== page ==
DEA lashes out in hemp lawsuit, says hemp activists are trying to ‘hijack’ agency priorities

The U.S. Drug Enforcement Administration is pushing back hard against a hemp association’s attempt to find out if the agency considers temporary byproducts of hemp production a Schedule 1 substance.

The DEA told a federal judge this week that the agency “is not required to explain how the (rule) applies to every hypothetical circumstance.”

The DEA called the request from the Hemp Industries Association and a South Carolina CBD maker, RE Botanicals, “inappropriate.”

Further, the DEA chastised the hemp activists for asking for a speedy resolution.

“It is never appropriate for a private party … to hijack an agency’s policymaking process to receive expedited consideration of their own concerns,” the DEA said.

The hemp plaintiffs are trying to modify a DEA rule issued last summer. The DEA says it was simply updating its policies to comply with the 2018 Farm Bill, which removed low-THC cannabis from the Controlled Substances Act.

Hemp activists argue that the DEA is making an illegal power grab by saying that hemp extracts are Schedule 1 controlled substances during a portion of the extraction process when the plant’s THC levels spike above what’s allowed.

The DEA also told the district court judge that the hemp case belongs instead in an appeals court.

10 comments on “DEA lashes out in hemp lawsuit, says hemp activists are trying to ‘hijack’ agency priorities
  1. Shawn Crawford on

    Instead of worrying about meth, heroin, you know actual drugs, the dea is worried about hemp!?!? That’s a typical government agency pissing tax dollars away, WTF?!?!?! Do some real work dea ??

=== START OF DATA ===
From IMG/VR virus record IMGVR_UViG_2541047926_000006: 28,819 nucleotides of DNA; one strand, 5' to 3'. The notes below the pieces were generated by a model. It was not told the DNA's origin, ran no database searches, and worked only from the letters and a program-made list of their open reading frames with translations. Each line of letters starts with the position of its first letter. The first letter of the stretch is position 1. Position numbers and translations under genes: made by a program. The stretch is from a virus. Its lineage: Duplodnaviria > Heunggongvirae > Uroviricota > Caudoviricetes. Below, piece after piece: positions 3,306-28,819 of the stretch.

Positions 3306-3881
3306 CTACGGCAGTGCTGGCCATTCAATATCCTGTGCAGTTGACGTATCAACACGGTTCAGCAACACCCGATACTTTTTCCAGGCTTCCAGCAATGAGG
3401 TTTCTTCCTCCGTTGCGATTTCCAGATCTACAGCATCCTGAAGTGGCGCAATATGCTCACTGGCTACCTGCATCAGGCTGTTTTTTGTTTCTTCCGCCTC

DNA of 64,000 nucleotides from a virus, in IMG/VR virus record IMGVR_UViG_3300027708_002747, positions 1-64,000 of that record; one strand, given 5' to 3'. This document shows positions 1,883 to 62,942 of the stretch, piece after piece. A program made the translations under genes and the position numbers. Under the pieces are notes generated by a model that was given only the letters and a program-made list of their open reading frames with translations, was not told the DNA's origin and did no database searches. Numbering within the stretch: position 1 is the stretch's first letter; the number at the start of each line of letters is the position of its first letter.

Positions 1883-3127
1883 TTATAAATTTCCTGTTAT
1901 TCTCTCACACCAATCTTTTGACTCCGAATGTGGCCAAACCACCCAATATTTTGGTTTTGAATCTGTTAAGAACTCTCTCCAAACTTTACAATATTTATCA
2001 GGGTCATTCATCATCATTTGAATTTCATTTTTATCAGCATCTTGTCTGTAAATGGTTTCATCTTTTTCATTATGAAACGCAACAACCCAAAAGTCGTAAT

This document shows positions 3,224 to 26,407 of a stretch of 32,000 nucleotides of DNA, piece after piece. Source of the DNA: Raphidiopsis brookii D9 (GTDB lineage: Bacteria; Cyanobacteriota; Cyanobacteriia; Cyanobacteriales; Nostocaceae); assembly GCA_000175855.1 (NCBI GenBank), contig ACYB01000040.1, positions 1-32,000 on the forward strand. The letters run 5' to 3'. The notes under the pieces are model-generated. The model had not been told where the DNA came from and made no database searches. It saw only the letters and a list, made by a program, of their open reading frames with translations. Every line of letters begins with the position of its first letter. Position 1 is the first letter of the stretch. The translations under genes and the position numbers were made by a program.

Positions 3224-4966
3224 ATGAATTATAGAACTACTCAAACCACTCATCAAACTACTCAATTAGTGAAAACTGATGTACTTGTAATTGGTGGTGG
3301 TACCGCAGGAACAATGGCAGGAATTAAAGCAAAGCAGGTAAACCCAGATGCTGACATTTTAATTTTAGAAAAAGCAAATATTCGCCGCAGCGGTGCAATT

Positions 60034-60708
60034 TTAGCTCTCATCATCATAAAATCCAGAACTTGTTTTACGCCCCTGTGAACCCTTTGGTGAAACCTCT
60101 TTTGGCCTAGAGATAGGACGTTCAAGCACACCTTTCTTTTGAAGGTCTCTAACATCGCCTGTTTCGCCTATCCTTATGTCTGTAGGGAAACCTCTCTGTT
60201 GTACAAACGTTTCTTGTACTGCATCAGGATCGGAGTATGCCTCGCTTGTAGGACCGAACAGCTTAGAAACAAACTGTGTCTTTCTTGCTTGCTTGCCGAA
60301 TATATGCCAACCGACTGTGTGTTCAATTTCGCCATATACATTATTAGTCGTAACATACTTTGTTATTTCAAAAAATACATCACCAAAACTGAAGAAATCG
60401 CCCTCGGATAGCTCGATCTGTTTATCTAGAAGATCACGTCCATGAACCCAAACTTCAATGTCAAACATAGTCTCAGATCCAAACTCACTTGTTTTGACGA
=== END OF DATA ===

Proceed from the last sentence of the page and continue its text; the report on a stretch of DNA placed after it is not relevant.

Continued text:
Reply
  2. Jeffrey Miller on

    We’re trying to get an industry “stood up” which is difficult enough in itself, while at the same time, the DEA acts as if every hemp farmer, processor and retailer are trying to sneak some kind of marijuana lite into the market. Anyone associated with hemp ( in the DEA’s warped view) is trying to pull a fast one.

    Reply
  3. CharlesA on

    The biggest drug cartel in the world (DEA) is trying to keep itself relevant regarding hemp (a federally legal commodity crop). The DEA wants to keep its hand in the hemp cookie jar ($$$).
    The DEA should no longer have ANY jurisdiction over hemp. Any oversight regarding hemp should be assigned to a different regulatory body/agency. The DEA should not have any say over which labs can test hemp products either. These actions are obvious power grabs/MONEY grabs by the world’s biggest illegal drugs cartel (DEA).
    The DEA needs to keep its priorities straight: focus on combating hard illegal drugs like fentanyl, heroin, and methamphetamine. Cease being greedy tools and stop meddling with a federally legal commodity crop (hemp).

    Reply
  4. Fernie on

    Hemp is used for textiles and paper products and hundreds of ways to help our forests thrive! Industries use hemp for this, not for recreational purposes!! DEA you are corrupt in everything you touch! Leave honest people alone!!

    Reply
    • CharlesA on

      To clarify an important point:
      Even if adults of legal age choose to responsibly consume smokeable HEMP products, which contain the maximum currently legal permissible amount of THC (0.3%), that should be their right. Smokable hemp products are another option for consumers that are looking for an alternative to toxic tobacco and intoxicating cannabis. There is a great market demand for smokable hemp products, federal and state regulators need to recognize and respect this fact.

      Reply
  5. Joseph Kirkpatrick on

    This demonstrates exactly why the NHA Standing Committee of Hemp Organizations has developed and submitted a plan to create a FACA committee for hemp that supersedes the authority of these broken agencies and puts these policy decisions in the hands of experts who answer directly to Congress, the Administration, and the Courts.

    Reply

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